By the spring of 1997 three years had passed since the Rangers’ memorable Stanley Cup Championship run. In the ensuing years, the Rangers had been eliminated in the second round of the playoffs each season, disappointing themselves and The Garden Faithful who desperately wanted to share more magical moments as they did in 1994.
|Adam Graves celebrates the overtime playoff goal against New Jersey's Martin Brodeur that propelled the Rangers into the 1997 Eastern Conference Finals. |
The general manager at the time, Neil Smith, had assembled an impressive roster for the 1996-97 campaign, featuring the legendary Wayne Gretzky and Mark Messier, high-scoring left wing Luc Robitaille, and a talented core of Adam Graves, Brian Leetch, Esa Tikkanen, and Mike Richter, among others.
Graves had another solid season on Broadway, recording 33 goals, the third of four times he would score 30 or more during his NHL career. However, the Blueshirts struggled to jell most of the season, finishing just four games over .500, though in fifth place overall in the Eastern Conference with 86 points.
Where it all began to come together for the Rangers was in the playoffs. Facing former Rangers’ goaltender John Vanbiesbrouck and the Florida Panthers in the opening round, the Blueshirts lost Game 1 before running off four straight wins -- including two in overtime -- to oust the fourth-seeded Panthers in five games.
That first-round series victory catapulted the Rangers into a second-round match up with the top-seeded New Jersey Devils. By 1997, these two proud organizations had built a fierce rivalry, with the Rangers grabbing the Cup in 1994 and the Devils answering with a championship of their own one season later. And there had already been two memorable post-season clashes which both resulted in seven-game series victories for the Rangers, in 1992 and 1994.
“That was one of the great rivalries in all of hockey,” notes Graves. “To face each other in three great playoff series over a six-year span just added to it.”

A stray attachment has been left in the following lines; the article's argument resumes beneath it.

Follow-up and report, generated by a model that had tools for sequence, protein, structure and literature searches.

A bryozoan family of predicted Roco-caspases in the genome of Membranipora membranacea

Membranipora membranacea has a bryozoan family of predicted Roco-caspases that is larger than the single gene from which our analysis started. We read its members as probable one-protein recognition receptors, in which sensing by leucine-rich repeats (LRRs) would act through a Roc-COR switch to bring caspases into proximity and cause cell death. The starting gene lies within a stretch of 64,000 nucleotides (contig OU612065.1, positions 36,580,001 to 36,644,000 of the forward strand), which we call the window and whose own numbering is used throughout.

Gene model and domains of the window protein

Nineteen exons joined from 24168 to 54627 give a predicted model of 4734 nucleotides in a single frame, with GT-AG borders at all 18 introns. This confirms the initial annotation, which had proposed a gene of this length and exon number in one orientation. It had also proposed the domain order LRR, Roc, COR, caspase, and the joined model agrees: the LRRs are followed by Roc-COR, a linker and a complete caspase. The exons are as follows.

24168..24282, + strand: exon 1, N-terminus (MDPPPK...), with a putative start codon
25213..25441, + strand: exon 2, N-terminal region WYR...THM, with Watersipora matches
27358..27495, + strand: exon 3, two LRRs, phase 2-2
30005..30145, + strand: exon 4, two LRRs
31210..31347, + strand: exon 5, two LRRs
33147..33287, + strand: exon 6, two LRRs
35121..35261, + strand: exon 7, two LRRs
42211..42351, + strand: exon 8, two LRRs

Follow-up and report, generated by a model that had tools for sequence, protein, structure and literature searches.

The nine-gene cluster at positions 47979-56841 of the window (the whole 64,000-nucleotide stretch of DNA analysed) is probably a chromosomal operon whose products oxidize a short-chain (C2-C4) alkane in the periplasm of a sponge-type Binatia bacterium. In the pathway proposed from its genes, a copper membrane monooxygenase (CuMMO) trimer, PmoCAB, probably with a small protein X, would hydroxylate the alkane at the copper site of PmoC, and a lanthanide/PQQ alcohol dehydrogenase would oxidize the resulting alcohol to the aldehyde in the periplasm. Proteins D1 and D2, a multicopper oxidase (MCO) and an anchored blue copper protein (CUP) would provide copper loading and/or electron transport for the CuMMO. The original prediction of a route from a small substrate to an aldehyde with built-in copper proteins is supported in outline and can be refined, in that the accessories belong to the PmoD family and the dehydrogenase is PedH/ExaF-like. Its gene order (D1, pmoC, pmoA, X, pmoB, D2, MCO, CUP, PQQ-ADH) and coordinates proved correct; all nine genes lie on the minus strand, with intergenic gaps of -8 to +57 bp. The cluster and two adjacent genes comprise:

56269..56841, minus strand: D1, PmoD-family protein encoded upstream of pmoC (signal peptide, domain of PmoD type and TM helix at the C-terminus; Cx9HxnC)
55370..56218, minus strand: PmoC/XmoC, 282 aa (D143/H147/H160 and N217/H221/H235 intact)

As they did in the series against Florida, the Rangers were shut out in Game 1 vs. the Devils, but rebounded behind Richter with a shutout of their own on the road in Game 2 to even the series. Then with Gretzky playing at the top of his game and Messier and Tikkanen also taking starring turns, the Rangers won the next two games on home ice, 3-2 and 3-0, to head back to New Jersey looking to finish off the heavily-favored Devils.
Despite the team’s success, Graves had been having a very quiet playoffs offensively. He was scoreless in the first eight post-season matches before finally notching the game-opening -- and as it turned out, game-winning -- goal in Game 4’s shutout victory over the Devils.
In typical Graves fashion, though, the lack of scoring did not affect his all-around game as he continued to be a force on the forecheck and diligent in his defensive game, helping to contribute to the club’s 7-2 post-season record heading into Game 5 at The Meadowlands.
The opportunity to play hero was right around the corner for Graves, however.
After Tikkanen and New Jersey’s Brian Rolston traded goals during regulation of Game 5, the Rangers and Devils headed to overtime for the first time in the post-season since May 27, 1994 when Stephane Matteau famously eliminated New Jersey in double OT of Game 7 in the epic Eastern Conference Finals.
With that memory vivid in so many minds, Graves swooped in behind the Devils net a little more than halfway through the 20-minute overtime session. Graves had the puck, but he also had the brute force of New Jersey defenseman Scott Stevens hanging on his back.
As two of the strongest players of their day continued their powerful ballet, with Graves trying to hold off Stevens as the Devils’ captain attempted to slow down his Rangers’ adversary, Graves swung around the right side of goaltender Martin Brodeur’s cage. Brodeur tried to poke the puck off of Graves’ stick -- but fatally missed -- and Graves sent the puck between Brodeur’s pads at the 14:08 mark of overtime to eliminate the Devils in near-identical fashion as Matteau three years prior.
“I’m not going to tell you that was a beautiful goal or that I had it planned all the way,” states Graves. “Brodeur tried to make a play and failed. Then the puck had eyes and found a way in. It was surely not by design. It was much more luck.”
What made the goal such a work of art, so to speak, was the battle between Graves and Stevens, two of the most respected players of their day. Graves believes it is a battle that might have been whistled down if it occurred today.
“In today’s NHL we both might have been called for penalties, and the play -- and the goal -- would have never happened as it did,” says Graves. “Stevens was holding and hooking me, and I had a hold of his stick with my free hand! But it was a classic one-on-one battle that fortunately went our way.”
It was a special moment for Grave,s as the goal vaulted the Rangers into the Eastern Conference Finals for the first time since the magical spring of 1994. However, an injury-depleted Blueshirts’ squad was unable to hold off a strong Philadelphia Flyers team and the season ended for the Rangers in five games.
But Rangers’ fans had one more memorable Adam Graves moment to appreciate and file away alongside so many others. And that in itself made the spring of 1997 so special.